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A Fortune for Your Disaster

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In his much-anticipated follow-up to The Crown Ain't Worth Much, poet, essayist, biographer, and music critic Hanif Abdurraqib has written a book of poems about how one rebuilds oneself after a heartbreak, the kind that renders them a different version of themselves than the one they knew. It's a book about a mother's death, and admitting that Michael Jordan pushed off, about f In his much-anticipated follow-up to The Crown Ain't Worth Much, poet, essayist, biographer, and music critic Hanif Abdurraqib has written a book of poems about how one rebuilds oneself after a heartbreak, the kind that renders them a different version of themselves than the one they knew. It's a book about a mother's death, and admitting that Michael Jordan pushed off, about forgiveness, and how none of the author's black friends wanted to listen to "Don't Stop Believin'." It's about wrestling with histories, personal and shared. Abdurraqib uses touchstones from the world outside—from Marvin Gaye to Nikola Tesla to his neighbor's dogs—to create a mirror, inside of which every angle presents a new possibility.


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In his much-anticipated follow-up to The Crown Ain't Worth Much, poet, essayist, biographer, and music critic Hanif Abdurraqib has written a book of poems about how one rebuilds oneself after a heartbreak, the kind that renders them a different version of themselves than the one they knew. It's a book about a mother's death, and admitting that Michael Jordan pushed off, about f In his much-anticipated follow-up to The Crown Ain't Worth Much, poet, essayist, biographer, and music critic Hanif Abdurraqib has written a book of poems about how one rebuilds oneself after a heartbreak, the kind that renders them a different version of themselves than the one they knew. It's a book about a mother's death, and admitting that Michael Jordan pushed off, about forgiveness, and how none of the author's black friends wanted to listen to "Don't Stop Believin'." It's about wrestling with histories, personal and shared. Abdurraqib uses touchstones from the world outside—from Marvin Gaye to Nikola Tesla to his neighbor's dogs—to create a mirror, inside of which every angle presents a new possibility.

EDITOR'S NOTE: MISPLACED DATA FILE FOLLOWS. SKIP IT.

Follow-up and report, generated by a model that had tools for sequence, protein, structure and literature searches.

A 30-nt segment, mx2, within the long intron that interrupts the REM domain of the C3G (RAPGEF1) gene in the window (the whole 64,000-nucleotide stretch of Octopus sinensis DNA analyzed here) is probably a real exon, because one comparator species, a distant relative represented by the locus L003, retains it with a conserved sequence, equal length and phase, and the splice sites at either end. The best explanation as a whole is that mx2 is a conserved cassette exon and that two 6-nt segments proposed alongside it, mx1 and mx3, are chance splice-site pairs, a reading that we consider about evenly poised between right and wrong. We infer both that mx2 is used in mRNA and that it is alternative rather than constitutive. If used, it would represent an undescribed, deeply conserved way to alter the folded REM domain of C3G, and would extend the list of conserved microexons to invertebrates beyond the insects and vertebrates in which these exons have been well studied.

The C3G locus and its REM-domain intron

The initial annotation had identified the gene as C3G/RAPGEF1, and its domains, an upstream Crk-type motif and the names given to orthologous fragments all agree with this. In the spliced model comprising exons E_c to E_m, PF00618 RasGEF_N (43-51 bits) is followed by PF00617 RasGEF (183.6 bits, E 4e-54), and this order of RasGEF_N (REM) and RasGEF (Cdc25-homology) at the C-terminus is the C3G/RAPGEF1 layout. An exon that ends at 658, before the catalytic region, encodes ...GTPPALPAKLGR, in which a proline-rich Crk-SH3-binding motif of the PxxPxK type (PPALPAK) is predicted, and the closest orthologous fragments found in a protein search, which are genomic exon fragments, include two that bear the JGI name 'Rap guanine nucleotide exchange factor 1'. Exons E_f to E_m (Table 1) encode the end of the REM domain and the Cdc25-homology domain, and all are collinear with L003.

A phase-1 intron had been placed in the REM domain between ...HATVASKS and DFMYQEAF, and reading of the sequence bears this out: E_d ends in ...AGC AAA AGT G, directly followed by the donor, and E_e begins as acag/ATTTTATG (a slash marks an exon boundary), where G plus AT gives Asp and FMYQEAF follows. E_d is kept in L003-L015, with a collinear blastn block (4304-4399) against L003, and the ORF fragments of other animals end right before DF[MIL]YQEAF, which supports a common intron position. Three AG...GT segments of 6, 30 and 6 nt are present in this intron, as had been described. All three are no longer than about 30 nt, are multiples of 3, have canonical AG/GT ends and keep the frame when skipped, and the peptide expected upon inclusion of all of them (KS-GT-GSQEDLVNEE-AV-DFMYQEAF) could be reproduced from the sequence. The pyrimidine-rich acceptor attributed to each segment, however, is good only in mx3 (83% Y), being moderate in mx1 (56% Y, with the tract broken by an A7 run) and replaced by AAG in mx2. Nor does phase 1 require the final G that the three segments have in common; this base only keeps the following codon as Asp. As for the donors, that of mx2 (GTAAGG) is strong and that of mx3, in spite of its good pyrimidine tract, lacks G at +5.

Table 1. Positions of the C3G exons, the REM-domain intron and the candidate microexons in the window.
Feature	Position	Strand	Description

30 review for A Fortune for Your Disaster

  1. 4 out of 5

    jeremy

    hanif abdurraqib's new collection of poetry, a fortune for your disaster is an emotionally-stirring and deeply personal work of grief, sorrow, loss, self-reflection, remembrance, violence, love, death, and heartbreak (romantic and otherwise). the polymathic author casts a wide net, but his precise and unabashed imagery commands an unflinching gaze. with his trademark interpolation of popular culture, hanif's poems can stir your heart almost as easily as they can stop it. an obviously gifted and candid w hanif abdurraqib's new collection of poetry, a fortune for your disaster is an emotionally-stirring and deeply personal work of grief, sorrow, loss, self-reflection, remembrance, violence, love, death, and heartbreak (romantic and otherwise). the polymathic author casts a wide net, but his precise and unabashed imagery commands an unflinching gaze. with his trademark interpolation of popular culture, hanif's poems can stir your heart almost as easily as they can stop it. an obviously gifted and candid writer, hanif's poetry (as well as his prose) maps the connections between the forgotten and the unforgettable. a fortune for your disaster is gritty and graceful, piercing and profound. it's not like nikola tesla knew all of those people were going to die everyone wants to write about god but no one wants to imagine their god as the finger trembling inside a grenade pin's ring or the red vine of blood coughed into a child's palm while they cradle the head of a dying parent. few things are more dangerous than a man who is capable of dividing himself into several men, each of them with a unique river of desire on their tongues. it is also magic to pray for a daughter and find yourself with an endless march of boys who all have the smile of a motherfucker who wronged you and never apologized. no one wants to imagine their god as the knuckles cracking on a father watching their son picking a good switch from the tree and certainly no one wants to imagine their god as the tree. enough with the foolishness of hope and how it bruises the walls of a home where two people sit, stubbornly in love with the idea of staying. if one must pray, i imagine it is most worthwhile to pray towards endings. the only difference between sunsets and funerals is whether or not a town mistakes the howls of a crying woman for madness.